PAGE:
No matter how well you look after them, you can’t alway prevent your dog from getting sick. What you can do is quickly identify the problem and seek fast treatment, to get them back on their feet again.





Parasites can be such a problem for dogs. From fleas to ticks and ear mites, dogs can suffer awful itching when these little blighters are feeding off them. The best way to treat canine parasites is to use a product that both removes and prevents further infestation, such as frontline plus. It is also important to keep your dog clean and to check for ticks if you have been for a walk in the countryside.




Weight gain


All dogs are susceptible to weight gain, especially older, less mobile pooches. It is important to watch their diet, treat intake, and their exercise levels. If you dog needs to loose some weight, try to exercise them a little more. A new toy or an active treat dispenser can help them get the required calorie deficit. If this doesn’t do the trick, then a specialised diet can help. Consult your vet for advice on diet and the changes that will best help your breed of dog.  But make sure that no other family member is sabotaging your pups weight loss, by feeding them treats or scraps, under the table!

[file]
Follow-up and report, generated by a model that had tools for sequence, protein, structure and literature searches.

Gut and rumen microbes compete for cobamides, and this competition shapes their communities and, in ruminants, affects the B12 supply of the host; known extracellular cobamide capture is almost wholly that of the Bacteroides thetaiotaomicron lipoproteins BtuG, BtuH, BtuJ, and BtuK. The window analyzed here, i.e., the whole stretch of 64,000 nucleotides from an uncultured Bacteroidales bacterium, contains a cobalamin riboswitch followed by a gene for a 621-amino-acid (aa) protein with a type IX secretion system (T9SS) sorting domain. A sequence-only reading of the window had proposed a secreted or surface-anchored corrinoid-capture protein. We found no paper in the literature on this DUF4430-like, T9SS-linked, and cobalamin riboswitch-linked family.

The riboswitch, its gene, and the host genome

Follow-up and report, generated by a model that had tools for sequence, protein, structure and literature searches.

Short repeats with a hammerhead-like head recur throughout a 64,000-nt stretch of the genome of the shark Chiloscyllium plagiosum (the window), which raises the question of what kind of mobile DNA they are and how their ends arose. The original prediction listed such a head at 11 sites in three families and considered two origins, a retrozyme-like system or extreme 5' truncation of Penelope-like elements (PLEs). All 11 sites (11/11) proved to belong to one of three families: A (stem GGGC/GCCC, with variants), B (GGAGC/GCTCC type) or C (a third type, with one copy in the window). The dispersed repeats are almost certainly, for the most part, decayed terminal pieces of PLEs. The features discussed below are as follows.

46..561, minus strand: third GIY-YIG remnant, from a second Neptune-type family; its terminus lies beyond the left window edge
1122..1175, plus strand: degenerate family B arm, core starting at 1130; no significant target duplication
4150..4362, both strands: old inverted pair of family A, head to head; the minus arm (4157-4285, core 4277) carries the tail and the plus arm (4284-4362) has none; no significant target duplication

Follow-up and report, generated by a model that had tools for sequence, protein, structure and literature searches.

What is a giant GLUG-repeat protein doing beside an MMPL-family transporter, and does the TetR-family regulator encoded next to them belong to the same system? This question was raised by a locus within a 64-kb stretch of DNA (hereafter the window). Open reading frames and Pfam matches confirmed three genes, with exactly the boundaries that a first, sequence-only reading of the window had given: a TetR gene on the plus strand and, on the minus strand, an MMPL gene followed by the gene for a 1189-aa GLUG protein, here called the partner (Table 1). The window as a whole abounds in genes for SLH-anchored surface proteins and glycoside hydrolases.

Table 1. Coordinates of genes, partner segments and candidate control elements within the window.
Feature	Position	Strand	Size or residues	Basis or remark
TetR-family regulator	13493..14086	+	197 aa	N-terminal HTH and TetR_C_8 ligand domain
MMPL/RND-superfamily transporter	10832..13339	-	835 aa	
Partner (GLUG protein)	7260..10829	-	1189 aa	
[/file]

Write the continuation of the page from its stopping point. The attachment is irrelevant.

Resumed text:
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A common problem with dogs is vomiting and diarrhea. While these symptoms can be a sign of something more serious, they are often a reaction to eating something that does not agree with the dog. While your dog can enjoy, rich foods like chocolate and cheese, on the way in, they way that they come out might not be so much fun for Fido or you. Remember that dogs are lactose intolerant so anything containing milk and dairy can do them harm. Sugar and sugar replacement are also dangerous for our canine friends and should be avoided. If you are going to spoil your dog, make sure it with a treat designed especially for canine consumption.